For Huawei, US Purgatory Is the New Norm

Authorities once again extend the temporary trading license for US companies doing business with Huawei, leaving the Chinese vendor and its suppliers mired in business uncertainty.

November 19, 2019

3 Min Read
For Huawei, US Purgatory Is the New Norm

In a move that leaves multiple US technology developers languishing in a state of business uncertainty, the Bureau of Industry and Security (BIS) of the US Department of Commerce has extended the Temporary General License (TGL) conditions that allow "specific, limited engagements" between tech firms and Huawei for another 90 days.

"Go and stand in the corner and we'll deal with you later" appears to be the main message for the Chinese vendor giant and, by association, its US suppliers: The authorities want to be seen to be coming down hard on Huawei, yet realize that in doing so there is a very real negative impact on the US technology sector.

Huawei was added to the Entity List of companies that are deemed a security risk in May this year, leading to a significant impact on the supply of technology by US firms to the Chinese company, which has since been working hard to set up alternative supply chain arrangements.

The Chinese vendor is trying to be cool about the situation, but failing.

"Extending the Temporary General License won't have a substantial impact on Huawei's business either way," noted the vendor (unconvincingly) in a statement issued to the media, before losing its blob by adding that the "decision does not change the fact that Huawei continues to be treated unfairly either. We have long held that the decision by the US Department of Commerce to add Huawei to the Entity List has caused more harm to the US than to Huawei. This has done significant economic harm to the American companies with which Huawei does business and has already disrupted collaboration and undermined the mutual trust on which the global supply chain depends. We call on the US government to put an end to this unjust treatment and remove Huawei from the Entity List."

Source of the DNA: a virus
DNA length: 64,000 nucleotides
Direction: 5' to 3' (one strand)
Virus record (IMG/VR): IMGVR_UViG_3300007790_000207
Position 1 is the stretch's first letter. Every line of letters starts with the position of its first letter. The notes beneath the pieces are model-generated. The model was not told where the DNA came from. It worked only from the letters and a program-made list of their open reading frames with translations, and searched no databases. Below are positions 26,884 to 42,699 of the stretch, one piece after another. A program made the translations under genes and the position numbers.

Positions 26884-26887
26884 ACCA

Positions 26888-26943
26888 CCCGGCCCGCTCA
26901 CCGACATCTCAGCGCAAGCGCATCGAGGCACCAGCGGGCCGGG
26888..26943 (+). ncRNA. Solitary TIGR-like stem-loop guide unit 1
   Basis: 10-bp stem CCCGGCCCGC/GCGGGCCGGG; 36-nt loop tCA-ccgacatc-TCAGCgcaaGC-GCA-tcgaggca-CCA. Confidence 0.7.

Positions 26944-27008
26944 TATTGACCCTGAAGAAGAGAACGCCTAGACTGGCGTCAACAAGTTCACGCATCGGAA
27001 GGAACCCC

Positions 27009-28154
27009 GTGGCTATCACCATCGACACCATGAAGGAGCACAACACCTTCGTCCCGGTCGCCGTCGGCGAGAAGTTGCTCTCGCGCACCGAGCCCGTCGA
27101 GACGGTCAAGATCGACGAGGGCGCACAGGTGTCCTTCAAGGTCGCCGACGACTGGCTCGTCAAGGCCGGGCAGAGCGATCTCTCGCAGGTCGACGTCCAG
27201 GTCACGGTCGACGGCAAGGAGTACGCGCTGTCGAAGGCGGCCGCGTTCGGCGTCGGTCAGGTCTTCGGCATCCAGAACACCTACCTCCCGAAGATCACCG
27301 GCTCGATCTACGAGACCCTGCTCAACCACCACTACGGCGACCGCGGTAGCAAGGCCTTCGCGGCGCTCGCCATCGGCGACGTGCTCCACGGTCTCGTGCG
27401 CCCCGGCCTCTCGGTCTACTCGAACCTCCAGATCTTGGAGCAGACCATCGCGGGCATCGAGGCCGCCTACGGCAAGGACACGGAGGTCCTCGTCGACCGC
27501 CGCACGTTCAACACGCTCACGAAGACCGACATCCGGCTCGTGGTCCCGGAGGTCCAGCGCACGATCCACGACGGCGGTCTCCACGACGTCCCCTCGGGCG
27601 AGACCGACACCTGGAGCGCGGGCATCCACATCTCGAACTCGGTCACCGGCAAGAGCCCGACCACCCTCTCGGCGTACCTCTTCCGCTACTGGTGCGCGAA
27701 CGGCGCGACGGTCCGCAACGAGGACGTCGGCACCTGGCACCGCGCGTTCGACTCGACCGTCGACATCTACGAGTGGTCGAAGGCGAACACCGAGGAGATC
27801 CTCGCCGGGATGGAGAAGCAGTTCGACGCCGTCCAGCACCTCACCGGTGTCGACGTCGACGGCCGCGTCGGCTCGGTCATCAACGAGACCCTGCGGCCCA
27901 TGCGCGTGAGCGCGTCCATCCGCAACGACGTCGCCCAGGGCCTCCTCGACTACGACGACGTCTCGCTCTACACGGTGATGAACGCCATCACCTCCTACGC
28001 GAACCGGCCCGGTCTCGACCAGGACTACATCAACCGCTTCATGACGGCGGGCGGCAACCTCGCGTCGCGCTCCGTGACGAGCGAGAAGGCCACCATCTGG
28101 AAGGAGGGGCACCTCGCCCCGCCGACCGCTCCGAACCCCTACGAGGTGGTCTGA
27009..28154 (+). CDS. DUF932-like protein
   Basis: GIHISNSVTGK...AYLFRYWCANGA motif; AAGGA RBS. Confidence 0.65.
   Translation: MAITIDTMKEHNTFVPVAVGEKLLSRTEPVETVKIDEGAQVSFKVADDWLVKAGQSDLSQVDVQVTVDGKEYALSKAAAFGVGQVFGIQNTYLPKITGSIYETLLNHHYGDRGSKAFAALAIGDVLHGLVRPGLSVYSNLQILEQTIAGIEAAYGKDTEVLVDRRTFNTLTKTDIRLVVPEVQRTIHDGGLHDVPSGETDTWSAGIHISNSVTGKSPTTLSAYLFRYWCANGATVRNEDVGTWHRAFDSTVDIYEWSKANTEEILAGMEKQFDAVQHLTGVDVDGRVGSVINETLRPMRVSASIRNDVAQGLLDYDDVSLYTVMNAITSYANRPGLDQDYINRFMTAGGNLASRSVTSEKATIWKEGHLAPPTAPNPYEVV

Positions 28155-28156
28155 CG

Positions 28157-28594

Figure 1:

Huawei, it's worth noting, did not address any of the claims by the US authorities that it violated the International Emergency Economic Powers Act (IEEPA) by engaging in business with Iran and has been obstructing efforts to investigate its global activities. It's a tangled web…

In the meantime, Huawei continues to engage in significant business around the world while a number of US technology firms continue to have their business opportunities curtailed. At the same time, the US and China continue their trade standoff, to the detriment of the global economy, and the mythical 5G crown that President Trump so wants the US to wear fails to materialize. Historians will have a field day with this mess.

As Light Reading has pointed out previously, all of this is unlikely to end well for long-term US business interests, but those involved in the current shenanigans (on all sides) are unlikely to be around to have to clean up the mess.

For more on this, see:

— Ray Le Maistre, Editor-in-Chief, Light Reading

Read more about:

Subscribe and receive the latest news from the industry.
Join 62,000+ members. Yes it's completely free.

You May Also Like